“What do we mean by setting a man free? You cannot free a man who dwells in a desert and is an unfeeling brute. There is no liberty except the liberty of some one making his way towards something. Such a man can be set free if you will teach him the meaning of thirst, and how to trace a path to a well. Only then will he embark upon a course of action that will not be without significance. You could not liberate a stone if there were no law of gravity — for where will the stone go, once it is quarried?” –Antoine de Saint-Exupery
Gravity, on the largest scales, rules everything in the Universe. You and I — and everything else in our galaxy — started as tiny fluctuations in the young Universe, where maybe we were only 0.001% denser than average, represented by the blue spots, below.
Thanks to the power of gravity, this little bit of extra mass is better at attracting the mass around it than other places, and pulls it in on itself. Over time, as it gathers more and more of the mass around it, matter begins to collapse, forming galaxies, stars, and eventually, things like you and me.
But how far back can we see? Normally, when we look places in the night sky, all sorts of relatively nearby things are in the way.
Stars, dust, gas, nebulae, and (relatively) nearby galaxies all get in the way of our attempts to look as far as possible into the distant Universe. But we’ve gone and found a few patches in the sky with no bright stars, no gas, very little dust, and no close-or-intermediate-distance galaxies. And for a few of them, we’ve pointed our favorite telescope at them.
I’m talking about the Hubble Space Telescope, of course! Capable of seeing almost exactly the same wavelengths of light that our eyes can, the Hubble Space Telescope spent literally days staring at the same blank patch of sky, collecting single photons one-at-a-time. And after enough days had passed by, this is what it found.
This image — known as the Hubble Ultra Deep Field — contains about 10,000 very distant galaxies. And honestly, it probably contains more that are even more distant, but invisible to us. Why’s that? There are actually two reasons.
First off, the farther away from something you are, the dimmer it appears. This is actually severe; if something’s twice as far away, it’s going to appear just one-fourth as bright, and if it’s four times as far away, it’ll be only one-sixteenth as bright! So for the most distant objects, even days of observing are enough to get only some of the very brightest ones.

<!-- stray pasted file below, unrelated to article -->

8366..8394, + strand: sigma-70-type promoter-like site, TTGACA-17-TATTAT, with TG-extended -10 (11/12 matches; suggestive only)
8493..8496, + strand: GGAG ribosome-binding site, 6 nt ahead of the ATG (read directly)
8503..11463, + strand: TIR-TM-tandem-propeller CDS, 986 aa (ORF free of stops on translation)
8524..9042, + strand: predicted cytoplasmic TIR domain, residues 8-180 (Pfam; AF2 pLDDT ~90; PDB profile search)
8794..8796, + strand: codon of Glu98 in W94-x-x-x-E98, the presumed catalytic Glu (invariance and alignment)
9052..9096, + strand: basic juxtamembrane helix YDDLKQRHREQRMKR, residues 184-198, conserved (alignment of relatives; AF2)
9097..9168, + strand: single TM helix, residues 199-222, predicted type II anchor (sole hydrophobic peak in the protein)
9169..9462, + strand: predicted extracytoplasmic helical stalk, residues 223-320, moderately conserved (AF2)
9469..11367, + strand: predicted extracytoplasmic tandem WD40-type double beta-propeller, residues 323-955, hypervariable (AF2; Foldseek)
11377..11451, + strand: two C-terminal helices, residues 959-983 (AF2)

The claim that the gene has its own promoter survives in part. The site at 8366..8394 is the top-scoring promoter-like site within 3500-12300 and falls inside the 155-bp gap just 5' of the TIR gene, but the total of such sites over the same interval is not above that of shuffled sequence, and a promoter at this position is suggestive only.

But there’s a second reason, too.
Wavelength. You know, since the Universe is expanding, that the farther away an object is, the redder its light appears to us. At some point, you’re looking at objects so far away that all of the visible light gets shifted into the infrared part of the spectrum, and becomes invisible to us!
So when we look in detail at this image, we’re able to find some extremely faint, and very, very red objects. They’re not only located all over the place,
but they’re also located in very close proximity to much closer, brighter, less red galaxies! Why is that? Well, my friends, this is why gravity is the telescope’s best friend!
Out in space, gravity from massive galaxies acts like a magnifying lens, making galaxies that would otherwise be too dim appear brighter and, in many cases, larger, allowing us to see them!
These galaxies, circled above, are the most distant ones ever discovered, with a measured redshift of eight, meaning that the visible, red light we see was emitted as extreme ultraviolet light, and the expanding Universe has moved it out of the ultraviolet, past violet, blue, green, yellow, orange, and almost into the infrared by time it reaches our eyes! A galaxy at a redshift of eight, for those interested, corresponds to looking at them when the Universe was only 600 million years old; more than 13 billion years ago.
But there’s more. In addition to the ultra-red galaxies, circled in green, scientists have also identified purely infrared candidates, invisible to our eyes, circled in red above.
How would we confirm something so distant that the light from it is invisible to our eyes?
You build a deep space telescope with infrared eyes, which is exactly what the James Webb Space Telescope, Hubble’s successor, is going to be!
It’s wonderful that Hubble is giving us hints of this now, but I can hardly wait to see what the next generation of space telescopes will teach us about the Universe. In the meantime, the extra magnifying glass of gravity is our only hope!